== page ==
Our guest this week is Edith Maxwell, the author of SPEAKING OF MURDER (Barking Rain Press, under the pseudonym, Tace Baker) featuring Quaker linguistics professor Lauren Rousseau. Edith holds a PhD in linguistics and is a member of Amesbury Monthly Meeting of Friends. She also writes the Local Foods Mysteries. A TINE TO LIVE, A TINE TO DIE introduces organic farmer Cam Flaherty and a colorful Locavore Club (Kensington Publishing, June, 2013). A mother and technical writer, Edith lives north of Boston with her beau and three cats. Find her at http://www.facebook.com/EdithMaxwellAuthor, @edithmaxwell, and www.edithmaxwell.com. Tace Baker can be found at www.tacebaker.com, @tacebaker, and http://www.facebook.com/TaceBaker.
Mali. Home of the legendary Timbuktu, tall and gracious people, searing heat, the Niger River.
Bamako. A city of red dirt, crumbling colonial buildings next to Chinese-built skyscrapers, a winding and mysterious Grand Marche, open sewers, batiked damask cloth in gorgeous colors.
|Edith and her boys|
I spent a year in Mali twenty years ago with my (now-ex) husband and two small sons during my husband’s sabbatical from Boston University. We found a Belgian preschool for John David, age 2 ½ when we got there, and a French kindergarten for Allan, age 5. By the end of the year they were both fluent in French. We all picked up some Bambara, too, the first language of many Malians.
What did I do there? It was at a time in my life when I was home with my children and studying to be an independent childbirth educator. I worked on my course, taught a class to two American couples, and helped my children through culture shock. We, as most ex-pats do, hired someone to cook and clean for us. Doumbia, a wonderful local man, coaxed amazing meals out of the ancient Russian stove and washed our clothes by hand. He kept the red dust off the floors and entertained John David after his carpool dropped him off. If I had a year off at home in the United States, I’d be cleaning out closets, maybe picking up the cello again, organizing my life. But in Bamako I didn’t have those options and hadn’t yet realized I was a fiction writer.
I felt self-conscious walking our neighborhood streets. It helped immensely when I began exchanging greetings in Bambara with people who were staring at me. Ritual greetings are very important. You never just walk by and say the equivalent of, “How ya doin’?” I’ll let the book show you. My protagonist in Speaking of Murder, Professor Lauren, who served in the Peace Corps in Mali, has just ordered a meal at a Malian restaurant she discovered:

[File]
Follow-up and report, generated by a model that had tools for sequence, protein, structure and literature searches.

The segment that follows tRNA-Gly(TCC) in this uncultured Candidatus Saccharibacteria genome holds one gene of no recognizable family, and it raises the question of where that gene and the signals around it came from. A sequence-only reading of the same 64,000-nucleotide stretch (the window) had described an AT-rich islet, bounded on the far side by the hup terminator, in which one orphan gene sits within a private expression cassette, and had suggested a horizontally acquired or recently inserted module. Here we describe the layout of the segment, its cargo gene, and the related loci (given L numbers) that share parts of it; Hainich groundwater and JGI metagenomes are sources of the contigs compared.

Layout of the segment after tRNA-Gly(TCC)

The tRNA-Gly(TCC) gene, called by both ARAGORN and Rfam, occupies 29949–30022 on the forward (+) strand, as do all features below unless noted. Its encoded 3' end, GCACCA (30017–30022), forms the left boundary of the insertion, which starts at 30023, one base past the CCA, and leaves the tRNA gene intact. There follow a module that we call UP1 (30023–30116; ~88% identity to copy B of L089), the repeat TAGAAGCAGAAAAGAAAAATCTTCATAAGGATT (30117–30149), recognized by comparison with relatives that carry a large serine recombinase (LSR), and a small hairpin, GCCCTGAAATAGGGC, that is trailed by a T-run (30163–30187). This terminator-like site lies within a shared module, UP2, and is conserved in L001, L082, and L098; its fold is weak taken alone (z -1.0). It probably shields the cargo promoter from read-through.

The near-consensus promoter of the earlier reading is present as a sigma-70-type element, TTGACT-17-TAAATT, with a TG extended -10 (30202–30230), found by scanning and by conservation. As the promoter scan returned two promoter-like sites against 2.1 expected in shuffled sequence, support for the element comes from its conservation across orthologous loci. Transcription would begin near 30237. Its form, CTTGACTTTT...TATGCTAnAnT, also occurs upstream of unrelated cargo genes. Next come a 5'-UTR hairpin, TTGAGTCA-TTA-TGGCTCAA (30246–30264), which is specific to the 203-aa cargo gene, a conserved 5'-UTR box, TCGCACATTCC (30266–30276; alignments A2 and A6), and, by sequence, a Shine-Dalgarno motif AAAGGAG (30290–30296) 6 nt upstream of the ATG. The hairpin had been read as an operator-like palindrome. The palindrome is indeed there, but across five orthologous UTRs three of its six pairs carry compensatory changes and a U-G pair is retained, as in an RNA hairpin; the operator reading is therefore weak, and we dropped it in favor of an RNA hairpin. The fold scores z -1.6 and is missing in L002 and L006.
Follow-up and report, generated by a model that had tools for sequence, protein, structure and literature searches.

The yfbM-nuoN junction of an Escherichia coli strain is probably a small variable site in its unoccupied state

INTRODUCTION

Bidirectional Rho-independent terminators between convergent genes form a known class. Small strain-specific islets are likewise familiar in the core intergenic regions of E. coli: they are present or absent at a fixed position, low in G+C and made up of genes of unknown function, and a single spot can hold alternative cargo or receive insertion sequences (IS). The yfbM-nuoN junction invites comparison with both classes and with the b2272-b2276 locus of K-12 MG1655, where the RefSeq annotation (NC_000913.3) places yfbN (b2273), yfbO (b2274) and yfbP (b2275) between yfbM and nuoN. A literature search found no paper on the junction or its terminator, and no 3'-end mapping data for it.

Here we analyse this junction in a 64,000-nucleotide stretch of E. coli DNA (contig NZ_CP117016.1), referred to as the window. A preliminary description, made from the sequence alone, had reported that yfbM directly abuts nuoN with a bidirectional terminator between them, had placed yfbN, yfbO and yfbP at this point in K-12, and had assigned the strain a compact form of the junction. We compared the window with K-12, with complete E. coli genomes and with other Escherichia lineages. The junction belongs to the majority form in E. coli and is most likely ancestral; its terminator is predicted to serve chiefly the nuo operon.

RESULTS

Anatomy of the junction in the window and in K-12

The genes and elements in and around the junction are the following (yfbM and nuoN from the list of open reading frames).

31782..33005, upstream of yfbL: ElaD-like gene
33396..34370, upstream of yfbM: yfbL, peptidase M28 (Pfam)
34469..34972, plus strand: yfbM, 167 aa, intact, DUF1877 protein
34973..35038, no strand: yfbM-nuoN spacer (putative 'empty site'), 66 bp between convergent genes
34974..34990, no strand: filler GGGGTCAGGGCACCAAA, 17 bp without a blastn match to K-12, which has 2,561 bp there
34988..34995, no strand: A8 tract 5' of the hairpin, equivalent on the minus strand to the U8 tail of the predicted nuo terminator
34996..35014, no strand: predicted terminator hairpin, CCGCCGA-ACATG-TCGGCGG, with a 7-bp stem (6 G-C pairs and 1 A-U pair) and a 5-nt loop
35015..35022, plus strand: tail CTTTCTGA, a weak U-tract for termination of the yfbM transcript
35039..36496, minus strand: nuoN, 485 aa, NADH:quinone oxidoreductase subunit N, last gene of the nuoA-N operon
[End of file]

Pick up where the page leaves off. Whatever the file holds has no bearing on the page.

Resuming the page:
A plate laden with steaming chicken, onions, and rice arrived in front of me. I inhaled the scent of lemon and oil and thanked the proprietress. “Iniché!”
“Ntse! I ka kene wa?” The woman laughed heartily, grabbed my hand, introduced herself as Fatoumata Kone, and started the round of ritual Bambara greetings. They bounced back and forth between us until we had inquired about how the other had passed the night, how the other’s parents were, and so on, ending with a salutation of “Herebe.” Peace among us. Followed by “Here doron.” Peace only.
We all got sick a lot. In my first month there I was quite ill with an amoeba and then from the medicine. The boys came down with the local strain of chicken pox and had silver-dollar sized blisters on their backs. In January, the month John David turned three, he contracted both giardia and malaria despite the fact that we boiled and filtered our water at home. Luckily he was a sturdy boy and recovered well from both.
When the dry season hit in what in New England we call wintertime, the temperatures soared well over 100 every day. I learned to wear loose cotton clothing—the local garb of wide caftans is perfect for that climate—and walk slowly. The Harmattan winds came down off the Sahara. They blew fine red dust into all our closets and sucked the moisture out of our skin.
I was grateful to be able to travel out of town alone in the spring for a few days to visit a group of traditional midwives a full day’s journey from Bamako and hear their stories of childbirth. One of the midwives even urged me to adopt her tiny granddaughter. The baby’s mother, the midwife's daughter, had died in childbirth. I seriously considered the offer until I asked about the adoption process at the U.S. Embassy on my return to Bamako and decided, despite longing for a daughter, that it was way too complicated for our family.
|The Grand Marche|
The year enriched all of us. My children experienced something completely different from the rather small (and 98-percent white) Massachusetts town they were growing up in, and they had their brains stretched from learning a second and third language by immersion. I grew to love the gentle, generous, striking people we met, the flavors of hot peppers and spicy vegetable stews, moderated by the cool of a homemade ginger drink, the traditional music with djembe and kora. My husband renewed his friendship with people he had known a decade earlier when he wrote a Bambara-English dictionary. And you know what? It’s all background material now that I’m a writer.
Thanks for having me over, fellow travelers! I’d love to hear about others’ experiences in Africa, or answer questions about my stay there. Where in Africa have you always longed to go?